Late, fast and pricey: O2 broadband is go

Line rental not included, pay-as-you-goers pay a premium


O2 has released details of its imminent broadband service after packages and pricing were leaked on the internet.

The official launch is set for 15 October, but O2 has confirmed Thinkbroadband.com's report yesterday that it'll offer its mobile punters up to 20Mbit/s access for £15 per month. A spokesman said the firm had dialed down the theoretical maximum 24Mbit/s its kit is capable of because of the risk of "over-promising" given the demand it is anticipating.

The mid-range will run to £10 per month for up to 16Mbit/s, while the cheapest up to 8Mbit/s service will cost £7.50 per month. Usage on all packages will be "unlimited", with no set upper download limit, but with a fair usage policy. There'll be free 24-hour tech support in UK call centres.

A £10 premium will be charged on all packages for non-bundled and pay-as-you-go customers, and line rental and voice calls aren't included, so households will have to pay another provider on top. BT's cheapest line rental offer is £10.50 per month.

At launch, O2's LLU ADSL2+ network will reach only half the population, mostly in urban areas.

Be Unlimited, the ISP O2 bought last year for £50m to get into the broadband game, will continue to run as a separate ISP in parallel. It makes it unnecessary for pay-as-you-go and non-O2 customers to pay the premium. Be's own 8Mbit/s package is £14 per month compared to £17.50 for the O2 equivalent, for example.

O2 has set itself the thoroughly unambitious public goal of one million broadband users by 2010 - just 5.6 per cent of its 17.8 million-strong mobile base.

Since launching last year, Sky Broadband has grown to 716,000 lines on the back of eight million TV subscribers. O2 says it's got no plans to follow BT and Tiscali into the IPTV field.

O2 has also eschewed the "free" model favoured by Orange's volatile broadband service, claiming its ponderous entry into the market (delayed several times) indicates a thoughtful approach that will ensure a smooth rollout.

It'll be the first major player to make a commercial offering of ADSL2+, so only time can tell. O2 will judge its success many monthly mobile customers it helps retain. ®

Similar topics


Other stories you might like

  • Prisons transcribe private phone calls with inmates using speech-to-text AI

    Plus: A drug designed by machine learning algorithms to treat liver disease reaches human clinical trials and more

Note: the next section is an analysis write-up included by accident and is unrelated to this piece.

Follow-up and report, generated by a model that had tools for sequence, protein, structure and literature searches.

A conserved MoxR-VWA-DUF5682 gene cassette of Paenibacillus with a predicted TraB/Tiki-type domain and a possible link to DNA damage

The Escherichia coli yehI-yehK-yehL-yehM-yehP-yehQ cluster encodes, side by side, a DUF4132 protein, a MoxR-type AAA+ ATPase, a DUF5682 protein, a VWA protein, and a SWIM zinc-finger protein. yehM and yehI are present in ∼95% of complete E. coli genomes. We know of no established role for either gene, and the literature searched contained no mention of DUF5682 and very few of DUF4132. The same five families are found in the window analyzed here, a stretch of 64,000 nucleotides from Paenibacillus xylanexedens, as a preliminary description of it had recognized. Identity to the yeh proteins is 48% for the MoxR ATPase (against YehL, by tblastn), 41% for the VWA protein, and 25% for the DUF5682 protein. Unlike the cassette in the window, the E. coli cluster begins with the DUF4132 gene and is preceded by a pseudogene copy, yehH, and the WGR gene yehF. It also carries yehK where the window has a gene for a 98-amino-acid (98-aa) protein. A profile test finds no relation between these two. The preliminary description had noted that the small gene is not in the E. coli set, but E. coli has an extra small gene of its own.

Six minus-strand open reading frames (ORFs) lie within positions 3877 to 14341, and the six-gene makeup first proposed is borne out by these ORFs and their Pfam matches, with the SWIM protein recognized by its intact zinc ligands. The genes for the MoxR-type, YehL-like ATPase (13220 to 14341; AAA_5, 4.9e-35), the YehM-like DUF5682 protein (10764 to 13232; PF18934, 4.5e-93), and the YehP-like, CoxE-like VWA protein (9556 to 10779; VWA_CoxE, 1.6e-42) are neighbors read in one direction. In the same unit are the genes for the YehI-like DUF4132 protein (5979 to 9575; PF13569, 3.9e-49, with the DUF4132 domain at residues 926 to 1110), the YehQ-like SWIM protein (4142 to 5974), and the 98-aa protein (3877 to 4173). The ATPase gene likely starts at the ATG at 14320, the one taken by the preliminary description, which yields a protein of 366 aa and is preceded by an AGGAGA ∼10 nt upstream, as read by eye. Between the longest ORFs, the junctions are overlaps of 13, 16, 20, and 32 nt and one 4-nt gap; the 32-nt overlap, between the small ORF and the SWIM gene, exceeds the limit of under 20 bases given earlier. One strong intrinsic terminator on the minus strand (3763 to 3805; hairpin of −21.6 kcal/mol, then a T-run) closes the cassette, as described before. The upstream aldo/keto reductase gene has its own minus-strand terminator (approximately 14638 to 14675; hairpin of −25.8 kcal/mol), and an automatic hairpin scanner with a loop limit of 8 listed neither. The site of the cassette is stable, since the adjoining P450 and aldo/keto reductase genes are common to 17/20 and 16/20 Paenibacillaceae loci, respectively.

In brief Prisons around the US are installing AI speech-to-text models to automatically transcribe conversations with inmates during their phone calls.

    A series of contracts and emails from eight different states revealed how Verus, an AI application developed by LEO Technologies and based on a speech-to-text system offered by Amazon, was used to eavesdrop on prisoners’ phone calls.

    In a sales pitch, LEO’s CEO James Sexton told officials working for a jail in Cook County, Illinois, that one of its customers in Calhoun County, Alabama, uses the software to protect prisons from getting sued, according to an investigation by the Thomson Reuters Foundation.

    Continue reading
  • Battlefield 2042: Please don't be the death knell of the franchise, please don't be the death knell of the franchise

    Another terrible launch, but DICE is already working on improvements

    The RPG Greetings, traveller, and welcome back to The Register Plays Games, our monthly gaming column. Since the last edition on New World, we hit level cap and the "endgame". Around this time, item duping exploits became rife and every attempt Amazon Games made to fix it just broke something else. The post-level 60 "watermark" system for gear drops is also infuriating and tedious, but not something we were able to address in the column. So bear these things in mind if you were ever tempted. On that note, it's time to look at another newly released shit show – Battlefield 2042.

    I wanted to love Battlefield 2042, I really did. After the bum note of the first-person shooter (FPS) franchise's return to Second World War theatres with Battlefield V (2018), I stupidly assumed the next entry from EA-owned Swedish developer DICE would be a return to form. I was wrong.

    The multiplayer military FPS market is dominated by two forces: Activision's Call of Duty (COD) series and EA's Battlefield. Fans of each franchise are loyal to the point of zealotry with little crossover between player bases. Here's where I stand: COD jumped the shark with Modern Warfare 2 in 2009. It's flip-flopped from WW2 to present-day combat and back again, tried sci-fi, and even the Battle Royale trend with the free-to-play Call of Duty: Warzone (2020), which has been thoroughly ruined by hackers and developer inaction.

    Continue reading
  • American diplomats' iPhones reportedly compromised by NSO Group intrusion software

    Reuters claims nine State Department employees outside the US had their devices hacked

    The Apple iPhones of at least nine US State Department officials were compromised by an unidentified entity using NSO Group's Pegasus spyware, according to a report published Friday by Reuters.

    NSO Group in an email to The Register said it has blocked an unnamed customers' access to its system upon receiving an inquiry about the incident but has yet to confirm whether its software was involved.

    "Once the inquiry was received, and before any investigation under our compliance policy, we have decided to immediately terminate relevant customers’ access to the system, due to the severity of the allegations," an NSO spokesperson told The Register in an email. "To this point, we haven’t received any information nor the phone numbers, nor any indication that NSO’s tools were used in this case."

    Continue reading

Biting the hand that feeds IT © 1998–2021